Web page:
John Pugsley, a retiree in Goodyear, Ariz., who established a DAF account with his wife, Maureen, about four years ago, notes their financial planner presented DAFs "as a simple way to make contributions to charitable organizations and it's turned out that way. They do all the work."
Among other things, the Pugsleys have used their DAF to make contributions to the Cystic Fibrosis Foundation (Maureen's nephew suffers from the disease); the American Cancer Society (John is a prostate cancer survivor); and the local arts center in Petoskey, Mich., where the couple spends their summers.
Donor-advised funds are vehicles for charitable giving with roots dating back to the 1930s, when community foundations and Jewish federations opened the first donor-advised fund accounts. Here's how they work: A donor makes a contribution to a firm or organization that offers donor-advised funds and takes an immediate tax deduction for that calendar year.
The contribution can be cash, appreciated stocks or bonds, real estate or a mix of assets, depending on the individual fund. The entity offering the fund can be a financial services firm, a community foundation, a university or another tax-exempt organization. After making the contribution, donors typically invest their account balance in mutual funds containing stocks, bonds and other assets. Some donors get access to other options such as individual stocks and bonds, depending on the size and type of the account.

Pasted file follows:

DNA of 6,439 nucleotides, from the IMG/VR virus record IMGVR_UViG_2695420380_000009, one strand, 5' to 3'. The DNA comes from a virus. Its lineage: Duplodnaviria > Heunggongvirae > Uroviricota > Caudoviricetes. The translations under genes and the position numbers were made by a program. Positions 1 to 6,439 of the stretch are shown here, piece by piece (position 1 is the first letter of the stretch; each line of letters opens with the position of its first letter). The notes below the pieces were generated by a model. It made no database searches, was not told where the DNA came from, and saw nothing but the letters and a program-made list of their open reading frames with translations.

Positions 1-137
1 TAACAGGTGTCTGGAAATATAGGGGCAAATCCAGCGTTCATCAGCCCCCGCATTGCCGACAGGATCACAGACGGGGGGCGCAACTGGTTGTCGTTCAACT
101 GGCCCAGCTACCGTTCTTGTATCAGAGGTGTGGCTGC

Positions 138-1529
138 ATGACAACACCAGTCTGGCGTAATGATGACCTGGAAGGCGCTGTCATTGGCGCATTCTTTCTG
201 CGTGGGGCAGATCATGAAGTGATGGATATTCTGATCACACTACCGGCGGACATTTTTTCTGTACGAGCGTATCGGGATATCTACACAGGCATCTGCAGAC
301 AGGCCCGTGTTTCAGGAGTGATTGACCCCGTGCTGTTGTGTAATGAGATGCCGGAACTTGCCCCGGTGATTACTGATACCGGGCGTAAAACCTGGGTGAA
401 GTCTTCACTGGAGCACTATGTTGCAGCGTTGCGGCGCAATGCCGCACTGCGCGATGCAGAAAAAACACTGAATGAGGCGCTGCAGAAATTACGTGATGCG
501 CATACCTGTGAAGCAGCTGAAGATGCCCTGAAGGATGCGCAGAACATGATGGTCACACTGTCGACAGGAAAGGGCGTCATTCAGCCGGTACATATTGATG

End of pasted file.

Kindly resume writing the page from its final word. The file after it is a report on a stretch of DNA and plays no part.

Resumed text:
The money grows tax-free. At any time — it doesn't need to be immediately — a donor can advise the DAF provider to make a grant to a charity of their choice. The DAF provider handles the rest — including ensuring that the charity is an IRS-qualified nonprofit organization, cutting and mailing the check and keeping records for the donor.
Both Fidelity Charitable and Schwab Charitable charge an annual administrative fee of 0.6% on accounts with less than $500,000 in assets; fees decline as account size grows. The Chronicle of Philanthropy, a publisher tracking the business of charitable giving, reported last year that administrative fees at a range of DAF providers fell between 0.5% and 1.25%.
More personal finance
You don't have to be super wealthy to set up a DAF, although some very wealthy people do, instead of creating a private foundation, also known as a family foundation. At Fidelity Charitable, the median account balance totaled $14,450 last year, according to the study.
"We have a large number of accounts under $25,000," Danforth says. "But we also have a significant number above $100 million." At Schwab Charitable, accounts range from $5,000 to more than $600 million.
"The people who start donor-advised funds come from all kinds of backgrounds," says Sarah Harrison, deputy vice president of philanthropic services at the Denver Foundation, a community foundation with $600 million in total assets. Of that total, $300 million are invested in about 600 donor-advised fund accounts.